Misuse of private information
To establish an actionable claim in the tort of misuse of private information, a claimant must firstly show that she/he has a reasonable expectation of privacy in the information concerned. Sometimes it will be obvious that the information is private. Where it is not, this is a question of whether a reasonable person of ordinary sensibilities would find the disclosure objectionable if placed in the same position as the claimant. If a reasonable expectation of privacy is established, a balancing exercise is to be undertaken of all of the competing rights engaged, including the right of the publisher to impart information and the right of the public to receive the information versus the claimant’s right to privacy.
In contrast, the definition of 'personal data' under the General Data Protection Regulation (GDPR) is broad, and includes “any information relating to an identified or identifiable natural person”. As such, when defending a claim for breach of data protection laws it will commonly be necessary to establish some specific lawful basis for processing or to show that an exemption applies.
There is as yet insufficient case law to draw conclusions as to how the court will approach damages for breach of data protection rights where there may be a parallel action in defamation or misuse of private information. In a couple of reported misuse of private information cases where a data protection claim was also advanced, the courts have concentrated on the misuse claim and avoided assessing the data protection claim separately. Damages awards for misuse of private information have risen in recent years, following the phone hacking litigation and the case of .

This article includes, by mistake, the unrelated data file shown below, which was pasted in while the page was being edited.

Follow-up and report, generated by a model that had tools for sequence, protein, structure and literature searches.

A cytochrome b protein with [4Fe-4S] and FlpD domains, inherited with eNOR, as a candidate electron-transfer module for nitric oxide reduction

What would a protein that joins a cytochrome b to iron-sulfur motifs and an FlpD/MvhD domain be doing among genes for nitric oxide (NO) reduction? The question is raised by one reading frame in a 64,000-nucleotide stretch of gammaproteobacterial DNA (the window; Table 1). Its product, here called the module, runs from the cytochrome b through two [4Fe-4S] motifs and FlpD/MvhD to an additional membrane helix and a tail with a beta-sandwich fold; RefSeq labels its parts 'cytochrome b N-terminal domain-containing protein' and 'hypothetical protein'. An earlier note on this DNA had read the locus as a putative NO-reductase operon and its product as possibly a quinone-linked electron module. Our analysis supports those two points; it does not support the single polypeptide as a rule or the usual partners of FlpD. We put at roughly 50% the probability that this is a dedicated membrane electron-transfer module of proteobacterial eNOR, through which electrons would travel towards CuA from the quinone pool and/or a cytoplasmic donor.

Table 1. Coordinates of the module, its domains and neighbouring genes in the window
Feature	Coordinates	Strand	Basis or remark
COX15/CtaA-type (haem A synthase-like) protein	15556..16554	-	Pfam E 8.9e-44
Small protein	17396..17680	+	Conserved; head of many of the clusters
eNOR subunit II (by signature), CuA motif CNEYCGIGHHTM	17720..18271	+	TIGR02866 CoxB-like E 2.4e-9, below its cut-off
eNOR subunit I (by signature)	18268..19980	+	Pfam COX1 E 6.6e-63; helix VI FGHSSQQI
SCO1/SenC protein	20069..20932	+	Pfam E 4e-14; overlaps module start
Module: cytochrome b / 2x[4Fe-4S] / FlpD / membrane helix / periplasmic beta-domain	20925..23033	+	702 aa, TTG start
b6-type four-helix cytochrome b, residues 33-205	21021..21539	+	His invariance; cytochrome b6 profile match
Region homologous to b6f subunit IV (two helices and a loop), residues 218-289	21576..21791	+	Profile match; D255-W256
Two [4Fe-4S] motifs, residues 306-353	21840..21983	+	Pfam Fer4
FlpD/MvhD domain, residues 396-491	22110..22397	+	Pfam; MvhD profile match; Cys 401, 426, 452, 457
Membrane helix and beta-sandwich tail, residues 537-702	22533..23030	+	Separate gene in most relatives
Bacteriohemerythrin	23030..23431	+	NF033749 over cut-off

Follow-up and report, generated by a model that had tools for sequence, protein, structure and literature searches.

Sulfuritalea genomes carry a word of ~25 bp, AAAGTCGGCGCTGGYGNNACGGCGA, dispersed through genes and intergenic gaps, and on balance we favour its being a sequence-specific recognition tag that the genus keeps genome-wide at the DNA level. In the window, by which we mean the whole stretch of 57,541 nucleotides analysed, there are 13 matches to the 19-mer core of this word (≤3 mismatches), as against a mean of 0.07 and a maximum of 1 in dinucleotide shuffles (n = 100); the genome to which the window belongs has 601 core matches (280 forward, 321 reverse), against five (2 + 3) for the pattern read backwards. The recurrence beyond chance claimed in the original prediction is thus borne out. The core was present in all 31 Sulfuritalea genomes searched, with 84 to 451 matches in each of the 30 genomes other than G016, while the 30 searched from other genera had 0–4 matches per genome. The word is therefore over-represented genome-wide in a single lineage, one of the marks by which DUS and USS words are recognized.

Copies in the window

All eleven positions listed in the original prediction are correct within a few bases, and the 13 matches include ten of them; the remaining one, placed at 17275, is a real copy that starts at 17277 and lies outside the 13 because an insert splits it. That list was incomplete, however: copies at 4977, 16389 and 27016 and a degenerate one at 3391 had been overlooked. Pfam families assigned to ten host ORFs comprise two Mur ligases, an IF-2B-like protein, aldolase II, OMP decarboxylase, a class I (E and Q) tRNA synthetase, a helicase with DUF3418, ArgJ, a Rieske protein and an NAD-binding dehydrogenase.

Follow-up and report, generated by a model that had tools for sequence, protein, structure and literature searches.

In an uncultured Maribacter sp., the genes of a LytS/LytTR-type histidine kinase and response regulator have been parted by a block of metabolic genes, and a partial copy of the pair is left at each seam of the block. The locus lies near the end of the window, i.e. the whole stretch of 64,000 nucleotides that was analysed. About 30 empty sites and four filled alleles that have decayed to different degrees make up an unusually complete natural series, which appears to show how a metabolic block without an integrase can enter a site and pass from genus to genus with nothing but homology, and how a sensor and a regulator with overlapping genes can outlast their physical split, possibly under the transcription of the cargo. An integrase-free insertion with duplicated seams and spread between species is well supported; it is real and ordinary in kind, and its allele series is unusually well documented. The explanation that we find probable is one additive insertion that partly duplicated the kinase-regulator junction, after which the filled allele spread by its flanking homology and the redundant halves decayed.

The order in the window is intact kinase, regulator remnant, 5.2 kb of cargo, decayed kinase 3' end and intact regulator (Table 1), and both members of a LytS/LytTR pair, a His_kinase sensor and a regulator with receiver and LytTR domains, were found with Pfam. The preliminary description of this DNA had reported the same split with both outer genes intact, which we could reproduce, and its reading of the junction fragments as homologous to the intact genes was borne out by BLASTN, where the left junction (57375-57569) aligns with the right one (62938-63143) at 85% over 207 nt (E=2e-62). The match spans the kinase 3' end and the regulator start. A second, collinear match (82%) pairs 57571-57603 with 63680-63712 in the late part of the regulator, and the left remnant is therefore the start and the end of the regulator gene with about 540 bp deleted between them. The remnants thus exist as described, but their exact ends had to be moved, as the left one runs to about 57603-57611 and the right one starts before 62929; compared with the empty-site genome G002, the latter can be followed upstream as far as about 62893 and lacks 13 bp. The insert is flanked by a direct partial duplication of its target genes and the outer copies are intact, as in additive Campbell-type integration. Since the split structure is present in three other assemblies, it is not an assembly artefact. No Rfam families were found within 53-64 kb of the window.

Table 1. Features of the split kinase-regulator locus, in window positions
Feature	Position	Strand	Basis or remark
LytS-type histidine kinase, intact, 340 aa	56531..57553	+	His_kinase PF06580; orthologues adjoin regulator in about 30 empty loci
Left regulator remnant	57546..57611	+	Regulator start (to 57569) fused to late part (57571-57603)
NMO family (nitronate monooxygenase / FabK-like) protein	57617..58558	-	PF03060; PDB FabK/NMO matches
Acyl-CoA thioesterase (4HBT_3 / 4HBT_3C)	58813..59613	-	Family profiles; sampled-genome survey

Breach of data protection law
Claims can be brought for alleged distress and reputational harm caused by the publication of inaccurate personal information by way of a claim for breach of the DPA or GDPR. Article 5(1)(d) of the GDPR requires that “personal data shall be … accurate”. Where data is not processed in accordance with this requirement, a claimant will have an actionable claim. Damage in a data protection claim can be to reputation.
Article 82(1) GDPR provides for the right to compensation: “Any person who has suffered material or non-material damage as a result of an infringement of this Regulation shall have the right to receive compensation from the controller or processor for the damage suffered”, and Recital 85 confirms that damage includes reputational damage. Where the information is not inaccurate, a claim may be brought where the data controller has no lawful basis for processing. The strict liability approach is, however, subject to a balancing exercise and to exemptions which may apply.
In that context, the trend towards the use of data protection claims is throwing more light on the journalistic purposes exemption available under the DPA (Schedule 2, Part 5, paragraph 26).
A data controller is exempt from complying with the rights and obligations under GDPR if the following criteria are met: (1) the data in question must be being processed with a view to the publication of journalistic material, (2) the data controller must reasonably believe that, having regard in particular to the special importance of the public interest in freedom of expression, publication would be in the public interest, and (3) the data controller must reasonably believe that the application of the listed GDPR provision would be incompatible with its journalistic purpose. Generally, there is unlikely to be a real debate over the first two criteria for media defendants. The third may be the more contentious area; the exemption will apply only insofar as the GDPR provisions are reasonably believed to be “incompatible” with journalism.
Notwithstanding the journalistic exemption, the potential to bring a data protection claim opens up the possibility for publishers to be inundated with DPA claims in circumstances where a defamation claim would be manifestly untenable. Even if the exemption will be found to apply at trial, the potential volume of claims could exert a significant chilling effect over freedom of expression and important public interest journalism.